Dr Khalil's Intellectual Space

Pak Political Economy +

Dr Khalil's Intellectual Space

Pak Political Economy +

Privatising successfully – the case of Czech Republic

Note: This article was originally published in The Express Tribune

ISLAMABAD: Altering the economic system is not an easy task. It is more complex when carried out half-heartedly. Privatisation is only a part of this process. It may not succeed if done in an isolated manner. Among other things, it requires a competitive environment to bear fruit.

A case in point is the erstwhile Czechoslovakia. It provides us with a good learning experience to see how after the fall of a collectivist state, the gigantic task of changing the economic system was handled.

Dr Vaclav Klaus was one of the key members of a movement, Velvet Revolution, which overthrew communism in Czechoslovakia. He was the prime minister (1993-1997) and the president (2003-13). An economist and politician, he was the first non-communist finance minister of Czechoslovakia.

According to Klaus, the starting point of a change in Czechoslovakia was liberalisation and deregulation of markets. And this move consisted of three main liberalisations: i) price liberalisation, ii) trade liberalisation, and iii) business liberalisation.

As to the price liberalisation, for 40 years the people in Czechoslovakia had totally frozen and administered prices. So, liberalising prices was a dramatic shock.

He makes a comparison. The Australians spent years or decades discussing liberalising the price of milk in Australia. But in Czechoslovakia they didn’t have just one case of milk. They had hundreds and thousands of prices with possibly the same impact on individuals in different groups of society.

The second move, trade liberalisation, was also a dramatic one. It meant opening the country after 40 years of semi-autocratic and protected economy.

And, the third move was liberalisation of entry into market for all types of enterprises, both private and foreign.

These three liberalisations represented the first stage of transition, and not only changed the whole society but also enormously increased the supply of goods and services.

It brought equilibrium in the market overnight. It interrupted some of the old, deeply built-in behaviour of citizens, and it attacked and endangered various old habits they inherited from the communist past.

Klaus readily admits that realising such changes was socially difficult, politically brave but technically easy because most of the measures required just had to be announced.

Again, citing the case of milk price, he says that to deregulate or liberalise the price of milk, Australians, or for that matter anyone, don’t need sophisticated theories.

It doesn’t need the involvement of university professors or experts on micro- or macroeconomics. It is sufficient to meet at eight o’clock in the evening and announce on TV that tomorrow morning at 8am the price of milk is free to move. That is what they did in Czechoslovakia.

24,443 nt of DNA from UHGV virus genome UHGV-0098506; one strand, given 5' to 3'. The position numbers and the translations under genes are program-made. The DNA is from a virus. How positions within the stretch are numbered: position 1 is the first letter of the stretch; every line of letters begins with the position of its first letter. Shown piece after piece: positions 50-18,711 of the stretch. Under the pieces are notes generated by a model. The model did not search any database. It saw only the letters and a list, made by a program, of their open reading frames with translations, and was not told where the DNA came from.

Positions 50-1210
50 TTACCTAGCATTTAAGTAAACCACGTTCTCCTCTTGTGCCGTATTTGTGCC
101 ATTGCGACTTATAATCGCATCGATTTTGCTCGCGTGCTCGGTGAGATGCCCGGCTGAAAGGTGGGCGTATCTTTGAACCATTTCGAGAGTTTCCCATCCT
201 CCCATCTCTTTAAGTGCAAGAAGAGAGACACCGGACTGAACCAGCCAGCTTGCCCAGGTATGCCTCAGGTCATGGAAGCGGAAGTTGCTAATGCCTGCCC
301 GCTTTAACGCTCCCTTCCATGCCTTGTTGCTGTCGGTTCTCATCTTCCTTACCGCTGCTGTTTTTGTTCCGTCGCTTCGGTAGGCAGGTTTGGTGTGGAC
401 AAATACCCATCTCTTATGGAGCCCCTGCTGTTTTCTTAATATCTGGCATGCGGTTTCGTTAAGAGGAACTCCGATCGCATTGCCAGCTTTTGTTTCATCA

However, he admits, the second stage of transition was not an easy one. It required more positive and constructive activity from the government. Because, it was necessary not only to introduce such passive transformation measures, but also to implement some active measures. It was necessary to build, establish new and/or transform old institutions and organisations.

And, of course, he says, the crucial point in this respect was privatisation. But it was really impossible to wait for the slow emergence of hundreds and thousands of private enterprises – built from nothing – and for the slow disappearance of state-owned enterprises (SOEs), which 11 years ago in former Czechoslovakia represented almost 100% of the whole economy. He emphatically says: So, we had to privatise. It’s an accepted exercise.

Klaus’s narrative of their privatisation is all but immeasurably instructive. He says: We had to privatise, we decided, and it was necessary to privatise the state-owned firms on a massive scale, on a wholesale basis, not just individual firms.

That is something he always had to repeat and to stress because everyone compares privatisation in post-communist countries with privatisation in France, Sweden and the Netherlands.

I am not an expert on it, he says, but I always say that the brave Margaret Thatcher privatised three or four firms a year, whereas we had to privatise three or four firms per hour! Because otherwise it would have taken a century to do that job.

For that reason, we had to use some non-standard methods of privatisation; we had to do experiments and different exercises.

Lesson to be learnt: In Pakistan, neither the government runs the SOEs successfully, nor does privatise them successfully. So, any non-standard methods and experiments of privatisation would after all be good.

It’s better through political consensus. The way a lot of private entities were nationalised simply by an Act of parliament, all the SOEs be also written off and considered privatised in a wholesale manner by another Act of parliament. Or the executive order will do that!

Another lesson: Deregulate and liberalise the sectors the SOEs belong to, and liberalise trade and prices also. These measures would make the existence of SOEs more obsolete.

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